Friday, August 31, 2012

New PhD Program in American Studies at UNC

The Department of American Studies at the University of North Carolina at Chapel Hill proudly announces a new doctoral program in American Studies, which joins the long-standing M.A. program in Folklore. In addition to a core strength in American cultural history and literature, the department features signature strengths in American Indian Studies, Southern Studies, International and Comparative American Studies, Folklore, and Digital Humanities. 

Sixteen faculty members teach and work in an array of fields including American intellectual, social, and cultural history, foodways, material culture, popular and folk music, literary and film criticism, American religions, American Indian expressive culture, art and visual culture, vernacular architecture, popular culture, new media and public engagement, and culturally informed public policy. 

Graduate programs are designed for depth and breadth in American Studies and Folklore - and they competitively position graduates for careers in a rapidly changing world of scholarly opportunities. The emphasis is on the centrality of the interdisciplinary humanities for all aspects of intellectual and professional life.

UNC's American Studies graduate program is described in detail on

Applications are being accepted for fall 2013.  

Please address questions to Professor Bernard Herman, Chair, or to co-Directors of Graduate Studies Patricia Sawin, and Joy Kasson.

Thursday, August 23, 2012

The Terra Foundation for American Art International Essay Prize

The Terra Foundation for American Art International Essay Prize recognizes excellent scholarship by a non-U.S. scholar in the field of historical American art (circa 1500-1980).
Manuscripts should advance understanding of American art, demonstrating new findings and original perspectives. The prize-winning essay will be translated and published in American Art, the Smithsonian American Art Museum's scholarly journal.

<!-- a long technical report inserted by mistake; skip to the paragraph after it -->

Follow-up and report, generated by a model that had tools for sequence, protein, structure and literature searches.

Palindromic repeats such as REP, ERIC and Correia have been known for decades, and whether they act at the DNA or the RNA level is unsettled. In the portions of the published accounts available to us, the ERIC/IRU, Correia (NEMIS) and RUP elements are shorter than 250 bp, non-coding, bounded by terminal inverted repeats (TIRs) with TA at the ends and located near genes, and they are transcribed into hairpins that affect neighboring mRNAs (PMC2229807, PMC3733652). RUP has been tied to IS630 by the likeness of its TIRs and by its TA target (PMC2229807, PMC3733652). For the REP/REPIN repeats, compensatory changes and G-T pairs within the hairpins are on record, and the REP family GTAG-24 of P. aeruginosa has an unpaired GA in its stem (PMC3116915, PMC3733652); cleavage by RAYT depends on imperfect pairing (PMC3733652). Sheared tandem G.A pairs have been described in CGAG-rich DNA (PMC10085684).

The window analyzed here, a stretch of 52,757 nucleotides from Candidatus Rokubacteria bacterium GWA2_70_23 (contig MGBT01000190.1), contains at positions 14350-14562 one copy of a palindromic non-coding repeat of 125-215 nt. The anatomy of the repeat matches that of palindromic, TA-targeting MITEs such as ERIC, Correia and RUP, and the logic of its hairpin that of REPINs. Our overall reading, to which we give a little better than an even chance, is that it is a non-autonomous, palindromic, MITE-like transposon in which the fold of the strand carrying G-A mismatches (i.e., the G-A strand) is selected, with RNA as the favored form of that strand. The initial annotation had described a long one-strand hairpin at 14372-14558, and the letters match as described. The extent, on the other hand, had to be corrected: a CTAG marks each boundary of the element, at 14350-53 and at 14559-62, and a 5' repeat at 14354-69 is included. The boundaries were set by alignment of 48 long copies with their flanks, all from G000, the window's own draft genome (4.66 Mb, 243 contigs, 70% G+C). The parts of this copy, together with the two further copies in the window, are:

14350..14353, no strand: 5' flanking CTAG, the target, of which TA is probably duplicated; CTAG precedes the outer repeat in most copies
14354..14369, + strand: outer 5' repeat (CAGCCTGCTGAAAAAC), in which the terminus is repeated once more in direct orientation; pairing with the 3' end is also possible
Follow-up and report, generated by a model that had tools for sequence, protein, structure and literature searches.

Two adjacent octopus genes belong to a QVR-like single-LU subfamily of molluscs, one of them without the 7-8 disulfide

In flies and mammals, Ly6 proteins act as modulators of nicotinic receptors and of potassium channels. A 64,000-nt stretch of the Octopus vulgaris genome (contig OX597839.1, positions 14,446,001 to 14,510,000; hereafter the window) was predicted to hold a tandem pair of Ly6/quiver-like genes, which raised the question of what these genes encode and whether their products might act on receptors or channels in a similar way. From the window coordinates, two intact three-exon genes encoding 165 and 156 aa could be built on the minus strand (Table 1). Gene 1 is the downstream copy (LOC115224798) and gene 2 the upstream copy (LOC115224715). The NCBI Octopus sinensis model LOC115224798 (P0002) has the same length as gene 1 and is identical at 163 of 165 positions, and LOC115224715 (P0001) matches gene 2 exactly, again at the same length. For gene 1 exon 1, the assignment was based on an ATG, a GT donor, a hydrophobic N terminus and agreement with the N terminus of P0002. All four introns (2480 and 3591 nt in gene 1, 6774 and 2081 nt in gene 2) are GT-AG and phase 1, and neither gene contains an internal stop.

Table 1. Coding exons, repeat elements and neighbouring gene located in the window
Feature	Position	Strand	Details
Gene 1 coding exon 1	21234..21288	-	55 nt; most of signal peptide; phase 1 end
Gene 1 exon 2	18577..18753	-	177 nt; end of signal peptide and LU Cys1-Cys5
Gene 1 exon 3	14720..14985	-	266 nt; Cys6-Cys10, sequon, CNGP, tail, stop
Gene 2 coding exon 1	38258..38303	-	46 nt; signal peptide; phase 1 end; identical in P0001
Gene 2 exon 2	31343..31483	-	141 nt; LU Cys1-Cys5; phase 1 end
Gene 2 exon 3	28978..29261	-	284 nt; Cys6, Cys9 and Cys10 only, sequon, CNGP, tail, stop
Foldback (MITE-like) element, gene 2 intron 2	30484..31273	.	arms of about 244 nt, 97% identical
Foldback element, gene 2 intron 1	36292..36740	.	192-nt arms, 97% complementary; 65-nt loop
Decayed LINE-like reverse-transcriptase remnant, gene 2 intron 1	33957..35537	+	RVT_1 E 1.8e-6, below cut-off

We are pleased to announce an increased and enhanced prize award this year: the winner will receive a $1,000 cash award and a $2,000 travel stipend to give a presentation in Washington, D.C., and meet with museum staff and fellows. This prize is supported by funding from the Terra Foundation for American Art.

The aim of the award is to stimulate and actively support non-U.S. scholars working on American art topics, foster the international exchange of new ideas, and create a broad, culturally comparative dialogue on American art. Ph.D. candidates and above are eligible to participate in the competition. Essays may focus on any aspect of historical American art and visual culture (pre-1980). Preference will be given to studies that address American art within a cross-cultural context and offer new ways of thinking about the material. A strong emphasis on visual analysis is encouraged. Manuscripts previously published in a foreign language are eligible if released within the last two years (please state the date and venue of the previous publication). For scholars from English-language countries, only unpublished manuscripts will be considered. Authors are invited to submit their own work for consideration. We urge scholars who know of eligible articles written by others to inform those authors of the prize.